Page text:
Posted in CATHOLIC-PRAYERS OF THE CHURCH, DOCTORS of the Church, Fathers of the Church, Morning Prayers, Quotes of the Saints, Saint of the Day

Thought for the Day – 25 May

Thought for the Day – 25 May

This St Bede, this is a life of total self-giving in love!
It sounds to our ears to be a boring, closed, narrow existence –
ever occupied with learning, writing and teaching.
Almost from the time of his entry to study in the monastery as a young child,
until he died, he managed to remain in his own monastery,
although eagerly sought by kings and other notables, even Pope Sergius
Only once did he leave for a few months in order to teach in the school
of the Archbishop of York.
And amazingly, here was a saint who worked no miracles,
saw no visions and found no new way to God BUT
he is one of the few saints honoured as such even during his lifetime.
His writings were filled with such faith and learning
that even while he was still alive, a Church council
ordered them to be read publicly in the churches.
And he said of his life,
“I have spent the whole of my life . . . devoting all of my pains to the study of the Scriptures and amid the observances of monastic discipline and the daily task of singing in church, it has ever been my delight to learn or teach or write.”
St Bede died in 735 praying his favourite prayer:
“Glory be to the Father and to the Son
and to the Holy Spirit. As in the beginning, so now, and forever.”
We remember and honour him as a Doctor of the Church,
so many centuries have gone by, the world in which we live is such a different place and still he teaches us from his eternal monastery in heaven!

St Bede the Venerable, please pray for us!

st bede pray for us 2

Posted in DOCTORS of the Church, Fathers of the Church, Morning Prayers, Quotes of the Saints, Saint of the Day

Quote/s of the Day – 25 May

Quote/s of the Day – 25 May

“He alone loves the Creator perfectly
who manifests a pure love for his neighbour.”

he alone loves the creator-st bede

“Unfurl the sails and let God steer us where He will.”

unfurl the sails-st bede

“Christ is the Morning Star,
who, when the night of this world is past,
gives to his saints the promise of the light of life,
and opens everlasting day.”

christ is the morning star-st bede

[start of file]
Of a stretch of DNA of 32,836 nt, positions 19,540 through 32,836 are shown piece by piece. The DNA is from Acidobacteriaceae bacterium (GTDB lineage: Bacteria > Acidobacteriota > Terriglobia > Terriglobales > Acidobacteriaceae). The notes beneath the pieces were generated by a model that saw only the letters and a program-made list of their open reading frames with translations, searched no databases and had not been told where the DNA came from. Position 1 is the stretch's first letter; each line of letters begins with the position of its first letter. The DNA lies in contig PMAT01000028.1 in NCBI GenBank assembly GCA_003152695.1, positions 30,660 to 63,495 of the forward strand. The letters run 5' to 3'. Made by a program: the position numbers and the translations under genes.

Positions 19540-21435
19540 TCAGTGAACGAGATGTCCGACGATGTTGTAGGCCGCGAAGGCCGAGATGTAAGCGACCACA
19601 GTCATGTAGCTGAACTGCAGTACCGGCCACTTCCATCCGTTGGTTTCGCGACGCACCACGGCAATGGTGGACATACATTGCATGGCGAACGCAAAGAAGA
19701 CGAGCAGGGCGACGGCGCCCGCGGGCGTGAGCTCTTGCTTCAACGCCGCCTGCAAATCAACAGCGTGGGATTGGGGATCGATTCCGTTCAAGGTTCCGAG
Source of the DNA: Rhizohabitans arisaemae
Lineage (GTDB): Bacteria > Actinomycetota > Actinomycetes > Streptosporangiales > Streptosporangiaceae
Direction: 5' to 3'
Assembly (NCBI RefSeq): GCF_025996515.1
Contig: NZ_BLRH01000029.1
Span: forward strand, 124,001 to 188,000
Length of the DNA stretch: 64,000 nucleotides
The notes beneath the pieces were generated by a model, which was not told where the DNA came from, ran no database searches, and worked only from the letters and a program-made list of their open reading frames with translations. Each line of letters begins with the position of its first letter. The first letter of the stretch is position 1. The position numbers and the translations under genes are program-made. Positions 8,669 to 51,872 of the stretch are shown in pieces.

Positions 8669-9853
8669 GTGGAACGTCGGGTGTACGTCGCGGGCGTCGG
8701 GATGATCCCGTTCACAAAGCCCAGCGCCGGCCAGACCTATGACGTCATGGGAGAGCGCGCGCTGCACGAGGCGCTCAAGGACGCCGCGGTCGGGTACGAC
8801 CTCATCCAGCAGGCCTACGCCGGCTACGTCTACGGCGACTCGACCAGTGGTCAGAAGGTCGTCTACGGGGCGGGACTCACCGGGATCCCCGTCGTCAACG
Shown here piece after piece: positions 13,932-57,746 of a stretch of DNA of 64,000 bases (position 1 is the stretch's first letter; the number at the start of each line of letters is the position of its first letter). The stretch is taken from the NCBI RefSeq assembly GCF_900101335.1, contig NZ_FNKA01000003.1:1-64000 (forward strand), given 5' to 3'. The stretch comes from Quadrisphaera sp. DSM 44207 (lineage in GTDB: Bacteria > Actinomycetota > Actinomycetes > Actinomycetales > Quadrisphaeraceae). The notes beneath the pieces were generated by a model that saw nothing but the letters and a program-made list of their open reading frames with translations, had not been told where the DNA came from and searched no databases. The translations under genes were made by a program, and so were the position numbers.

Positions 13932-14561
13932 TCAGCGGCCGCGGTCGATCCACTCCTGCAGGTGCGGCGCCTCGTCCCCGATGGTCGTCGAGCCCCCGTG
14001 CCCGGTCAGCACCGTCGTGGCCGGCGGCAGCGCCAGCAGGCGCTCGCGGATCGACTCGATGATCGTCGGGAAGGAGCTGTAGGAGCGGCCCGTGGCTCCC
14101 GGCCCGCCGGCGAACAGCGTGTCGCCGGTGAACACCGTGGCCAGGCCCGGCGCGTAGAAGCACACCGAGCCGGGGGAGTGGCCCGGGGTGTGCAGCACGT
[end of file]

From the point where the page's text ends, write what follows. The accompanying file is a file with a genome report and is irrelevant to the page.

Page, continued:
St Bede the Venerable
(673-735) Doctor of the Church

“Come, Holy Spirit. Spirit of truth,
You are the reward of the saints,
the comforter of souls,
light in the darkness,
riches to the poor,
treasure to lovers,
food for the hungry,
comfort to those who are wandering.
To sum up:
You are the one in whom all treasures are contained.”

come holy spirit-st mary magdalene de pazzi

St Mary Magdalene de Pazzi – Memorial today 25 May

Posted in DOCTORS of the Church, Fathers of the Church, Morning Prayers, Saint of the Day, The Word

One Minute Reflection – 25 May

One Minute Reflection – 25 May

Jesus said to them, “You are badly misled because you fail to understand the Scriptures…….”….Matthew 22:29

REFLECTION – “The whole series of the Divine Scriptures is interpreted in a fourfold way.
We should ascertain what everlasting truths are intimated therein,
what deeds are narrated,
what future events are foretold
and what commands or counsels are … therein.”,,,,,,,St Bede the Venerable (673-735) Doctor of the Church

matthew 22-29-st bede the venerable -the whole series of the

PRAYER – Heavenly Father, teach me how to read Your wonderful words in the Scriptures with true understanding.
Let me adhere always to the interpretations given by Your Holy Church. Come O Holy Spirit and guide my mind. Lord Jesus Christ,
stand beside me and bless my footsteps. Holy St Bede, intercede for us and pray for us all, amen.

st bede the venerable pray for us

Posted in Catholic Devotions of the Month, DOCTORS of the Church, Fathers of the Church, Morning Prayers, Prayers of the Saints, Saint of the Day, The Blessed Virgin Mary

Our Morning Offering – 25 May

Our Morning Offering – 25 May

O Christ, our Morning Star
By St Bede the Venerable (673-735) Doctor of the Church

O Christ, our Morning Star,
Splendour of Light Eternal,
shining with the glory of the rainbow,
come and waken us
from the greyness of our apathy,
and renew in us Your gift of hope.

o christ our morning star - st bede

And, as May is still with us, let us greet our Mother!

A Salutation to Mary (adaped)
By St John Eudes

Hail Mary, Daughter of God the Father;